Jumat, 02 Juli 2010

Merauke Integrated Food And Energy Estate (MIFEE); history and its predictive consequences

Since the end of 2007, Merauke district planned to establish a project for food and energy production called Merauke Integrated Food and Energy Estate (MIFEE). It is a mega agro-development project for food and energy production which spans three districts in Papua (Merauke, Mappi and Boven-digul) and it became part of the central government’s plan to develop agricultural estates in remote areas. The target is Indonesia can become a self-sufficient country in food and energy production and eventually become exporters as the President said “Feed Indonesia, then feed the world”[1]. This project will cover around 1.28 million ha, and 90% among them (1.13 million ha) are primary/natural forests –that have not been logged before. The MIFEE became part of the 100 days agenda of of the national cabinet and became the dominion of ministry of agriculture coordinate with local government (district level of Merauke). This project also expected would start at 2010, initially for 500,000 hectares with the first harvest expected in 2012. The project would also be channeled for the construction of 700 kilometers of roads in the district, 1,500 kilometers of connecting road to West Papua province, three ports and irrigation systems involving government investment for infrastructure around US$ 3 million and predicted will invite private (local and foreign investment) up to US$ 60 millions[2].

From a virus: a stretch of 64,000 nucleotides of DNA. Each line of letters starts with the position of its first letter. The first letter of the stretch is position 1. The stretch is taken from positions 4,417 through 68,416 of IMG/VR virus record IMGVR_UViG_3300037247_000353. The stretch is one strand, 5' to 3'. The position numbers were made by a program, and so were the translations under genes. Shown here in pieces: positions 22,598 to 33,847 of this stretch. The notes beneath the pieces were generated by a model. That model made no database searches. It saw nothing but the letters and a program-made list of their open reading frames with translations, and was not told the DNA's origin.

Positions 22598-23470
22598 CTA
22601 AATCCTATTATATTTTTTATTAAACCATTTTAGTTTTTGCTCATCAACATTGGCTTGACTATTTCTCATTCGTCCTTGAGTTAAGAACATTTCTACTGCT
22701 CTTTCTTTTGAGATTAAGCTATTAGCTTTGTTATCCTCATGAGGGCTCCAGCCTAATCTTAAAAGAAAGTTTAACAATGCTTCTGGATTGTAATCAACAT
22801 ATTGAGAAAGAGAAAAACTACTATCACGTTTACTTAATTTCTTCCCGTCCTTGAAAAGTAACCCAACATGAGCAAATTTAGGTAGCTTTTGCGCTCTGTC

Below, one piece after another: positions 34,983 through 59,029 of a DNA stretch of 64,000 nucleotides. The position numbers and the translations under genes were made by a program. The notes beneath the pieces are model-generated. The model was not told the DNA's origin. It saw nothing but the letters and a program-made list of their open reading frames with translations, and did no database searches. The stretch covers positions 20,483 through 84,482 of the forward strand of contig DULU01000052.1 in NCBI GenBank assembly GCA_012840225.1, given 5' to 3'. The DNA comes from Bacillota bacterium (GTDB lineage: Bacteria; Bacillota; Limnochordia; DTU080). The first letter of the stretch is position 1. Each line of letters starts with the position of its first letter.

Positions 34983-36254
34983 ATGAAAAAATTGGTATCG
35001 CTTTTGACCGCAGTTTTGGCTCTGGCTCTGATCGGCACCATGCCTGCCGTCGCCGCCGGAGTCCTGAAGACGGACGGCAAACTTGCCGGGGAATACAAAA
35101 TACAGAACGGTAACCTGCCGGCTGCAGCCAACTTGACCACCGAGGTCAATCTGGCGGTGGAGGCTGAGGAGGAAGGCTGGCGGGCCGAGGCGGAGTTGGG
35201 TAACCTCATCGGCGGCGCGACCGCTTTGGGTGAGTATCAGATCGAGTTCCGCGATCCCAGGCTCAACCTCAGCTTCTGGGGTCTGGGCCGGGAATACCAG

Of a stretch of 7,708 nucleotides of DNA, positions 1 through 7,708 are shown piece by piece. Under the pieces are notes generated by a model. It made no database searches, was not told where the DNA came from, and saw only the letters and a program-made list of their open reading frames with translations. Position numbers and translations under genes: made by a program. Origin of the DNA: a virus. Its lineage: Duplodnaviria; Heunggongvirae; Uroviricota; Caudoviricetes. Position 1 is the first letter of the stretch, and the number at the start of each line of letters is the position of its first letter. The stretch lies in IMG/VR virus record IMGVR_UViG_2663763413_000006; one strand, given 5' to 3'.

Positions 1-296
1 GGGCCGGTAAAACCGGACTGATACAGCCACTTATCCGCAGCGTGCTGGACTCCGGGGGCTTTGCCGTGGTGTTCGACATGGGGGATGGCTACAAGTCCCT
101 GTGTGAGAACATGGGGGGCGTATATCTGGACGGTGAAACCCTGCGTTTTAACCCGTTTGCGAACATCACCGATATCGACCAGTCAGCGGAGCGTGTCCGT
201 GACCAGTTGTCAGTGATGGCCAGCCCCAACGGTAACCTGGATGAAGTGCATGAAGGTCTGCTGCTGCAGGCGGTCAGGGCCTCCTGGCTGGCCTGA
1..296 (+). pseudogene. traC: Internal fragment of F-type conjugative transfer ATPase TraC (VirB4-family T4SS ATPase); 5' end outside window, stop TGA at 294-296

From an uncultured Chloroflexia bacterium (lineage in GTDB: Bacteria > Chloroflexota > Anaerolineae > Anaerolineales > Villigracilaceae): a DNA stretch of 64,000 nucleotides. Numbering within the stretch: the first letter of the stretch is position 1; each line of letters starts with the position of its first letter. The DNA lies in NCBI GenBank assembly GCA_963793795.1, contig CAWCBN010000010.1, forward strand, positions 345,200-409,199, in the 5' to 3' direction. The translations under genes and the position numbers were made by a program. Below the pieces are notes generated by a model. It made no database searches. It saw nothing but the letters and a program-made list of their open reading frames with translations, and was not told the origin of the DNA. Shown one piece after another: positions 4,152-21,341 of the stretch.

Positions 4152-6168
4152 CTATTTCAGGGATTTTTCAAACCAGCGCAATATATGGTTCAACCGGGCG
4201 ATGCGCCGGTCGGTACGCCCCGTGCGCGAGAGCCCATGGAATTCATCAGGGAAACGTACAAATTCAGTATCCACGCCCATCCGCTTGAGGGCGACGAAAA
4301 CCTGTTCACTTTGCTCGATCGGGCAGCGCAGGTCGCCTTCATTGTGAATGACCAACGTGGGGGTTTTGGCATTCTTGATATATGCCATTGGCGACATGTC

It was Texmaco – a conglomerate company-, the first who explored the potential of Merauke by managing big plantation (more 3,000 ha) since the eighties and developed oil palm, sugar cane and other natural fiber plantations for a pulp development by the US-based company Scott Paper[3].After the collapsed of Texmaco at the beginning of 2000, Medco group continued Texmaco work and research including the potential of Merauke for paddy and sugarcane production.

Medco Group, an Indonesian oil and gas company, at 2007 firstly using its subsidiary company (Medco Papua Lestari) began construction of a wood-chip mill in Merauke and plans to start producing at mid 2008 reach its peak production, a 500,000-metric-ton-a-year pulp-and-paper, in 2012[4]. The plant would be Indonesia's first large new mill since the 1997-98 (Asian financial crisis) and the first in Papua. Medco appears to have the biggest plans for Merauke. The company has persuaded the local government and Ministry of Forestry to grant it a 600,000-hectare concession area near the Bian River.